As the AM kicked back on, I was drawn sharply away from my weather-worries at the mention of a landmark I’ve known well for the past several years: Robert Wood Johnson Hospital. Among those arrested in the NJ-FBI sting were some Rabbis who had been using the black market sale of organs to facilitate their money laundering ring. Apparently, some of these transplants had been taking place in New Brunswick! To date, we do not know anymore about how this was allowed, and so speculation as to who if anyone was involved will have to wait. But, for me at least, it came as a shock to find out that this massive piece of national news was unfolding, in part, just blocks from my residence. What effect, if any, this will have on the upcoming Mayoral race in New Brunswick in 2010 remains to be seen. But we can rest assured that the FBI will push the probe as far as it will reach.

Rounding a turn in the road, my mind was violently forced back to the weather. Before me, about 50 yards down the road, I faced a massive wall of water. It was as if the cloud had very specific boundaries; I could have stood one foot in the rain one foot out…had it not been for the hail the size of grapes pounding along with the rain. I smashed into the wall at 60 miles per hour and immediately began to skid. Pumping my breaks and slowing to 15, I corrected the slip and turned on my hazards. On the other side of the wall, seeing more than 10 feet in front of me was impossible, causing most cars to pull over to the side of the road, next to bikers hiding under bridges. Not being most drivers, I continued, though in serious fear that I would soon hit some nervous driver in front of me, or perhaps that a well placed tree would take me out from above. The carnage was brutal and frightening….and short-lived. Minutes later, I was on the other side of the storm, speeding onwards towards my goal at a revived 70 mph. Having weathered the storm, I was rewarded with a clean and empty road, all for the taking.

The perfect storm of New Jersey politics is forming now. As the economy continues to falter, the bacon fat that has always greased the gears of power in the most densely populated state in the country will start to burn up. I expect to see much more political reorganization in the near future. The question is, after the storm is over, who will step up to grab the reigns? Certainly not those with connections to the old, defamed guard…Young blossoming politicians should be at the ready; weather the storm, and you may well meet an open road in front of you. It will be entertaining to watch the changing of the guard in NJ over the next few years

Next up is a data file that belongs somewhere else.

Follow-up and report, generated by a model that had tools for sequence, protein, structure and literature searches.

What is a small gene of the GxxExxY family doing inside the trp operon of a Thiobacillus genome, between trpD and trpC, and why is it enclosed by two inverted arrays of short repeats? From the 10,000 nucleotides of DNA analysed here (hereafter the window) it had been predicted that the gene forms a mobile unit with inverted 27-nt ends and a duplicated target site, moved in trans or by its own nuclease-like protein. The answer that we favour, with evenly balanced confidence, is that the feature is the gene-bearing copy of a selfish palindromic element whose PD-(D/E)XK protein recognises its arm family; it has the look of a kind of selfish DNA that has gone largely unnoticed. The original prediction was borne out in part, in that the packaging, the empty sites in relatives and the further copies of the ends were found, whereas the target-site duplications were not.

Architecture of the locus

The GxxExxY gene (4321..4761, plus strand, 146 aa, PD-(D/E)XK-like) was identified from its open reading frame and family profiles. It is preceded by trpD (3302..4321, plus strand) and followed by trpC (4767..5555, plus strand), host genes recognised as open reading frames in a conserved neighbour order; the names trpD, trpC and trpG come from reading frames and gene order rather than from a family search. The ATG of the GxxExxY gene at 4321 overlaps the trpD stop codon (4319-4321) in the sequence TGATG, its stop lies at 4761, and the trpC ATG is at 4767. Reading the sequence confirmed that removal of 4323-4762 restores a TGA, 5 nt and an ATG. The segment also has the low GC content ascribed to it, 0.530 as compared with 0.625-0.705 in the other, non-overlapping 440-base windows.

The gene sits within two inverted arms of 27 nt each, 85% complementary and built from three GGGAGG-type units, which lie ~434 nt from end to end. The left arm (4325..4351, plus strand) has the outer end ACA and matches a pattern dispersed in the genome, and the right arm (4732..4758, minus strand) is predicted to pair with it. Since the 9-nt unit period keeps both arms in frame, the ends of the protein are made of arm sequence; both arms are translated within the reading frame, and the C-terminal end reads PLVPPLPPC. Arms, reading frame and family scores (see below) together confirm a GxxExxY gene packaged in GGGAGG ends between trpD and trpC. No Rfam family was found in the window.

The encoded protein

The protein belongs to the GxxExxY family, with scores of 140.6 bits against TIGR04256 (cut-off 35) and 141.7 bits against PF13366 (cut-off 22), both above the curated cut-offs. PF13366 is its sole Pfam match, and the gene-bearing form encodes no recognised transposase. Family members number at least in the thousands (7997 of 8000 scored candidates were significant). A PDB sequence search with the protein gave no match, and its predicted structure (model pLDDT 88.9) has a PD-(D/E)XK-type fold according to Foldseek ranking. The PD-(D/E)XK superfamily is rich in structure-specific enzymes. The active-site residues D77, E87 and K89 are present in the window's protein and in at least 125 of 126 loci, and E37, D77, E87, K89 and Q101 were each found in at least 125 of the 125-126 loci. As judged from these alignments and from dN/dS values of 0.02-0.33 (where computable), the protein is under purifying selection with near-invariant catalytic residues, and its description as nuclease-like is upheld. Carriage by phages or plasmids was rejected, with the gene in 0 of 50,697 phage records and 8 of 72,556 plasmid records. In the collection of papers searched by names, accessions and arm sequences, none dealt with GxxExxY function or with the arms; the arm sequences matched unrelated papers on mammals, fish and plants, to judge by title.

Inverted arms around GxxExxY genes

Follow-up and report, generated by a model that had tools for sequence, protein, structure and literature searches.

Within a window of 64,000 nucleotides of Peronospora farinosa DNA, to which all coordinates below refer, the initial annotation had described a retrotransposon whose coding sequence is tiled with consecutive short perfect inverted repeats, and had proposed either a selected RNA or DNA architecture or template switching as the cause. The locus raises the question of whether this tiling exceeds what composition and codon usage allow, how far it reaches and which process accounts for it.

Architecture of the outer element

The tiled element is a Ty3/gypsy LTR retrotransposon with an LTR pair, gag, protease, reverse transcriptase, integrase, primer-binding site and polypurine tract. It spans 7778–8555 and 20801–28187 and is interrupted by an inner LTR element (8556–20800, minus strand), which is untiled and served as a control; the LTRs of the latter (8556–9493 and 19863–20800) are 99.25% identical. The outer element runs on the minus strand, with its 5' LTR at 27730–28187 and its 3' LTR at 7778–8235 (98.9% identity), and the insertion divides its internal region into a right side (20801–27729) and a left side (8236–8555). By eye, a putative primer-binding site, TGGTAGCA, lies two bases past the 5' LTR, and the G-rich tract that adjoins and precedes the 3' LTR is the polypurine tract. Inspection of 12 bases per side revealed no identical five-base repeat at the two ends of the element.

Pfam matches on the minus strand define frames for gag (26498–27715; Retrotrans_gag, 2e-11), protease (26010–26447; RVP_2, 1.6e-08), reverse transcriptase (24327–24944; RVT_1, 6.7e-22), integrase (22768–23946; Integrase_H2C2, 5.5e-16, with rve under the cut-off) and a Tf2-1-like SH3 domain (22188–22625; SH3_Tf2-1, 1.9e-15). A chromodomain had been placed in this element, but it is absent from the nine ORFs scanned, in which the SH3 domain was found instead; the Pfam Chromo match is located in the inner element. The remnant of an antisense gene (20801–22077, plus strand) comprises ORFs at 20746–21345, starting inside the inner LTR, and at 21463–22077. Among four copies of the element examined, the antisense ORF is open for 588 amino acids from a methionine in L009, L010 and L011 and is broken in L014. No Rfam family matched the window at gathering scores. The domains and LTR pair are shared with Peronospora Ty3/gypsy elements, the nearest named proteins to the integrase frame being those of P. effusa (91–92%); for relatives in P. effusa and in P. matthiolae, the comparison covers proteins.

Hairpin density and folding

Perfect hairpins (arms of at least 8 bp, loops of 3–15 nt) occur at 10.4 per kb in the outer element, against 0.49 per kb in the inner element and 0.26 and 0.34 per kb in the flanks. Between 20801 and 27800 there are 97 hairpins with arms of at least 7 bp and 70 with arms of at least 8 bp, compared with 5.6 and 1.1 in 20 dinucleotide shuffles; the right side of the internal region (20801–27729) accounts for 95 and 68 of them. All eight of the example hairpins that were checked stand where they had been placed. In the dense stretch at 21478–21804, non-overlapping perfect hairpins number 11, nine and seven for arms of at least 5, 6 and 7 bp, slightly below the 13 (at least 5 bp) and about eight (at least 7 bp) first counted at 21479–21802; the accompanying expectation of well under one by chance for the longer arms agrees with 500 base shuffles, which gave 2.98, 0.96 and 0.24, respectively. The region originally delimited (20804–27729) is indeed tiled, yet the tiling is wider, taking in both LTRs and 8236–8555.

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Fatherly Governance – Carl Peter Klapper

The Popular Capitalist View

“Like as a father pities his children”, says the Psalmist, “so the Lord has mercy on those that fear him.” In this scripture and other sacred texts from a variety of faiths, we have a favorable image of fatherly governance as represented in a fatherly image of God. Yet with that image comes a distortion of its fatherliness. The omnipotence of God offers the potential of escape from every calamity Man can contrive and thus the prospect of remaining forever immature. An earthly and far less powerful father cannot offer this same assurance of relief from distress or even relief from any distress past his limited lifetime, so he must instead guide his children towards independence and maturity. Of course, there are still dangers not of his children’s doing that a father will shield them from, and nurturing care that a father will provide so that his children can grow up to be healthy and strong as well as mature. But the earthly father’s role is primarily leading his children to greater responsibility.

What then are we to make of definitions of fatherly governance, of paternalism, such as that provided by Answers.com: “A policy or practice of treating or governing people in a fatherly manner, especially by providing for their needs without giving them rights or responsibilities.” Clearly, the father model in this definition is rooted in the immature image of the deity as I described; even the Psalmist’s caveat of “fearing”, or respecting, the Lord is ignored. In a government, this translates into the promotion of immaturity and the enabling of destructive behaviors by its citizens. By contrast, a truly paternal government would give more rights and responsibilities to citizens in accordance to their mature handling of lesser rights and responsibilities. It is only after your son or daughter show that they can weed and prune and can carefully handle lesser power tools that you let them mow the lawn with a power lawnmower.